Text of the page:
China protests transit of US destroyer through Taiwan Strait

BEIJING: China on Thursday (Apr 8) protested the passage of a US destroyer through the Taiwan Strait amid increased naval activity in the region. 

China tracked and monitored the USS John S McCain throughout its passage on Wednesday, Zhang Chunhui, spokesperson for the Chinese military’s eastern theater command said in a statement.

The US move sent the “wrong signal” to Taiwan’s government and “willfully disrupted the regional situation by endangering peace and stability across the Taiwan Strait,” he said. 

China threatens to invade Taiwan to assert its claim over the self-governing island democracy, which enjoys strong US support.

In a one-sentence statement, the US Navy said the McCain “conducted a routine Taiwan Strait transit Apr 7 (local time) through international waters in accordance with international law”. 

READ: Commentary: The broader dialogue the US-China relationship needs

The McCain’s transit follows China’s announcement on Monday that its aircraft carrier Liaoning and associated vessels were holding drills near Taiwan meant to help it “safeguard national sovereignty, security and development interests,” terms often interpreted as being directed at Taiwan’s leadership that has refused to give in to Beijing’s demands that it recognise the island as part of Chinese territory.

The US Navy announced the carrier Theodore Roosevelt and its strike group reentered the South China Sea on Saturday to “conduct routine operations,” the second time the strike group has entered the strategic waterway this year.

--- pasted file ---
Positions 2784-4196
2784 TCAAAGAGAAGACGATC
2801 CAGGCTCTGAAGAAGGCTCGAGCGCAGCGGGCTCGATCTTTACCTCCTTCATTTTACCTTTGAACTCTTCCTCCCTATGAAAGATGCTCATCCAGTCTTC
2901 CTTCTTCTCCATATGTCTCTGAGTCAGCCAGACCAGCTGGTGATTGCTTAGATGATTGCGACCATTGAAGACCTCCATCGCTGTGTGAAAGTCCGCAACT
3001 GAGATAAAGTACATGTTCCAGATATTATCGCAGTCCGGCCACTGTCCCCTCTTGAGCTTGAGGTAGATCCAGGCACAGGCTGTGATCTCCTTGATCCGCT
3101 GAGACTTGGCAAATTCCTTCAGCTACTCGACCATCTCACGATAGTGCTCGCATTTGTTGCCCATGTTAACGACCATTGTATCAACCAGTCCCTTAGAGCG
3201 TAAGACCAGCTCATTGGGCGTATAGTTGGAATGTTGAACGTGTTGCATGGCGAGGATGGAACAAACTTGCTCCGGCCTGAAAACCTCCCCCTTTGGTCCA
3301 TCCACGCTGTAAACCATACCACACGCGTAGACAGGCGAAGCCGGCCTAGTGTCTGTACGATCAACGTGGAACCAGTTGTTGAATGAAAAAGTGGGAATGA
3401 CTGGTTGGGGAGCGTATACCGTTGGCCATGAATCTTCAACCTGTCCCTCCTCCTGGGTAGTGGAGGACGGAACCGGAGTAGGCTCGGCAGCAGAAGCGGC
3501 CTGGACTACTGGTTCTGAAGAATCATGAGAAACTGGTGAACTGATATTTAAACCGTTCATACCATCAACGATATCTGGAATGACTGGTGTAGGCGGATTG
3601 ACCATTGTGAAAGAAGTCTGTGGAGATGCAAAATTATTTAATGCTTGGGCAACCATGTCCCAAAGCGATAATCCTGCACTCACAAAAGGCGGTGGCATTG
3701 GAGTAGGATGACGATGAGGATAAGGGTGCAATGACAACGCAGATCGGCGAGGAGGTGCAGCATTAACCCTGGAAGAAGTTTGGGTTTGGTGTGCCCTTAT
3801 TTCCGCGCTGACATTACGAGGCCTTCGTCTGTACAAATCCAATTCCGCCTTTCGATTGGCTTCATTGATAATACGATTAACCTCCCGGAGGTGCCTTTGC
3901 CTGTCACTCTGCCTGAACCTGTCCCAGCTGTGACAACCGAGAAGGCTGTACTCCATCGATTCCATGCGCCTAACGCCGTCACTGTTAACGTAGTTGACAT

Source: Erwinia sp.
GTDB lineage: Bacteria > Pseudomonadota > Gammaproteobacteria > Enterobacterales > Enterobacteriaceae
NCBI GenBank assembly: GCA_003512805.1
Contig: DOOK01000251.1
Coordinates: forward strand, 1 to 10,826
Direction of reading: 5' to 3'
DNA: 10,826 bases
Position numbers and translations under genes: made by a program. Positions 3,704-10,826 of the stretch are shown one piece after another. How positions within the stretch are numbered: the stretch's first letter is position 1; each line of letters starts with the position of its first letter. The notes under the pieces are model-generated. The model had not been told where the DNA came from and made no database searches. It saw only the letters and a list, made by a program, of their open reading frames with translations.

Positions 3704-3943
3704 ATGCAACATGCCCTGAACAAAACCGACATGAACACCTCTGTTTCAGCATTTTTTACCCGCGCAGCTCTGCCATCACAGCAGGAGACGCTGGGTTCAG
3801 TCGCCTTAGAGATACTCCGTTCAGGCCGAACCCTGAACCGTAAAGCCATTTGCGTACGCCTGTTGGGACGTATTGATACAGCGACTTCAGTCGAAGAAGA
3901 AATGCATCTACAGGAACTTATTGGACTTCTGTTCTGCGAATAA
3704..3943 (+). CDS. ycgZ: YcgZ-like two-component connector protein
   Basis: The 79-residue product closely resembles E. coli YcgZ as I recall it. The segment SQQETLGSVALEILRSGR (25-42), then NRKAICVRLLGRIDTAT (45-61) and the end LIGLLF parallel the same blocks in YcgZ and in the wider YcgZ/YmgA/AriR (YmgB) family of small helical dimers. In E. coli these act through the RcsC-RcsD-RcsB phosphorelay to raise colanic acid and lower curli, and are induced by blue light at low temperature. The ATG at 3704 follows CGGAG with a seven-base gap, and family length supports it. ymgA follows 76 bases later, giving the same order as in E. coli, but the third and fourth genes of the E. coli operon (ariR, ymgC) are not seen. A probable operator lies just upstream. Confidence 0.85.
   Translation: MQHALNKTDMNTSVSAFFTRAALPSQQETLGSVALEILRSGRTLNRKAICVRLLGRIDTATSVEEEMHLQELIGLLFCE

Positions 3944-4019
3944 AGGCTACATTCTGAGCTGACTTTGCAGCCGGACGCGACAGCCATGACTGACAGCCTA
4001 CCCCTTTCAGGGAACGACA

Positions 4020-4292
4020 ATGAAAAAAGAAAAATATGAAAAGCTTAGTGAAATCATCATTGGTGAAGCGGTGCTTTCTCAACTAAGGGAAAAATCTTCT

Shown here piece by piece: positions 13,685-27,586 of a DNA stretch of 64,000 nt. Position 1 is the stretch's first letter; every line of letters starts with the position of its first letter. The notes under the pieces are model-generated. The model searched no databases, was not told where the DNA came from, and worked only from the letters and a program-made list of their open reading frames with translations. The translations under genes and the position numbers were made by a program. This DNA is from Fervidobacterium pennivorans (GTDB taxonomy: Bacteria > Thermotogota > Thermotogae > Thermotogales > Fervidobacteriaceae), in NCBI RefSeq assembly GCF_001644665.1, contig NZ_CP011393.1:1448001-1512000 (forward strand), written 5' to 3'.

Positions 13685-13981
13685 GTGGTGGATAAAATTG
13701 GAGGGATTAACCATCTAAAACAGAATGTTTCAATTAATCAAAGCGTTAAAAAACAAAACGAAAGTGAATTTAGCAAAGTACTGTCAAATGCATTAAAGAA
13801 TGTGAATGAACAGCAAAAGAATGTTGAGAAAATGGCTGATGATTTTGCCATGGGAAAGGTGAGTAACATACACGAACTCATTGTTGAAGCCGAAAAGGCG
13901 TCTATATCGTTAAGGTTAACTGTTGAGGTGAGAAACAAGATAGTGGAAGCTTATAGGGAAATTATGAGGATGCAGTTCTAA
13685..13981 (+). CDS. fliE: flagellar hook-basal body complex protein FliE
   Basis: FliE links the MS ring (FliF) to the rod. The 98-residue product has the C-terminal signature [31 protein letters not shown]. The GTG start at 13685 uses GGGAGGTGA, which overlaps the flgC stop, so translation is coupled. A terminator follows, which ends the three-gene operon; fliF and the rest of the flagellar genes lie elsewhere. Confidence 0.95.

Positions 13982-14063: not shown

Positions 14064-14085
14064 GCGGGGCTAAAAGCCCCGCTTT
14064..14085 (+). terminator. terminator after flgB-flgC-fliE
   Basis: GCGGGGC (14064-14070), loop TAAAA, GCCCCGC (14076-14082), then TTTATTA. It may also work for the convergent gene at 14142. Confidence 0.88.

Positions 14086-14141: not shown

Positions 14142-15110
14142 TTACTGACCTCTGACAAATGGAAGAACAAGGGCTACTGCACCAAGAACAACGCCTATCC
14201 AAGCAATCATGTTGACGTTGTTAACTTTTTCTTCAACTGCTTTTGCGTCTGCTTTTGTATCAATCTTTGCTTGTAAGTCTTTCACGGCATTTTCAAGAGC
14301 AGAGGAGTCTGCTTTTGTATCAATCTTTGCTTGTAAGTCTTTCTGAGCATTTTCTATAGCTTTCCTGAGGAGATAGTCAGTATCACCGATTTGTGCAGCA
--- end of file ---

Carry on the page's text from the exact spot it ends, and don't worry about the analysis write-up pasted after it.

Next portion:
READ: Commentary: US-China relations – age of engagement comes to a close

China claims the South China Sea almost in its entirety and strongly objects to foreign naval activity in the resource rich and heavily transited waters, especially the US practice of sailing naval vessels close to Chinese-held features in what it terms “freedom of navigation operations.”

While the Taiwan Strait lies in international waters, its transiting by US naval vessels is seen as a partly symbolic show that Washington will not permit Beijing’s forces to dominate the waterway.

Along with military exercises, China has been sending warplanes on practically a daily basis into Taiwan’s air defense identification zone to pressure the administration of President Tsai Ing-wen and advertise its threat of military action.

READ: Taiwan says it may shoot down Chinese drones in South China Sea

That prompted a statement from Taiwanese Foreign Minister Joseph Wu, who said that Taiwan would “fight a war if we need to fight a war, and if we need to defend ourselves to the very last day, then we will defend ourselves to the very last day”. 

Vast improvements in China’s military capabilities and its increasing activity around Taiwan have raised concerns in the US, which is legally bound to ensure Taiwan is capable of defending itself and to regard all threats to the island’s security as matters of “grave concern”.

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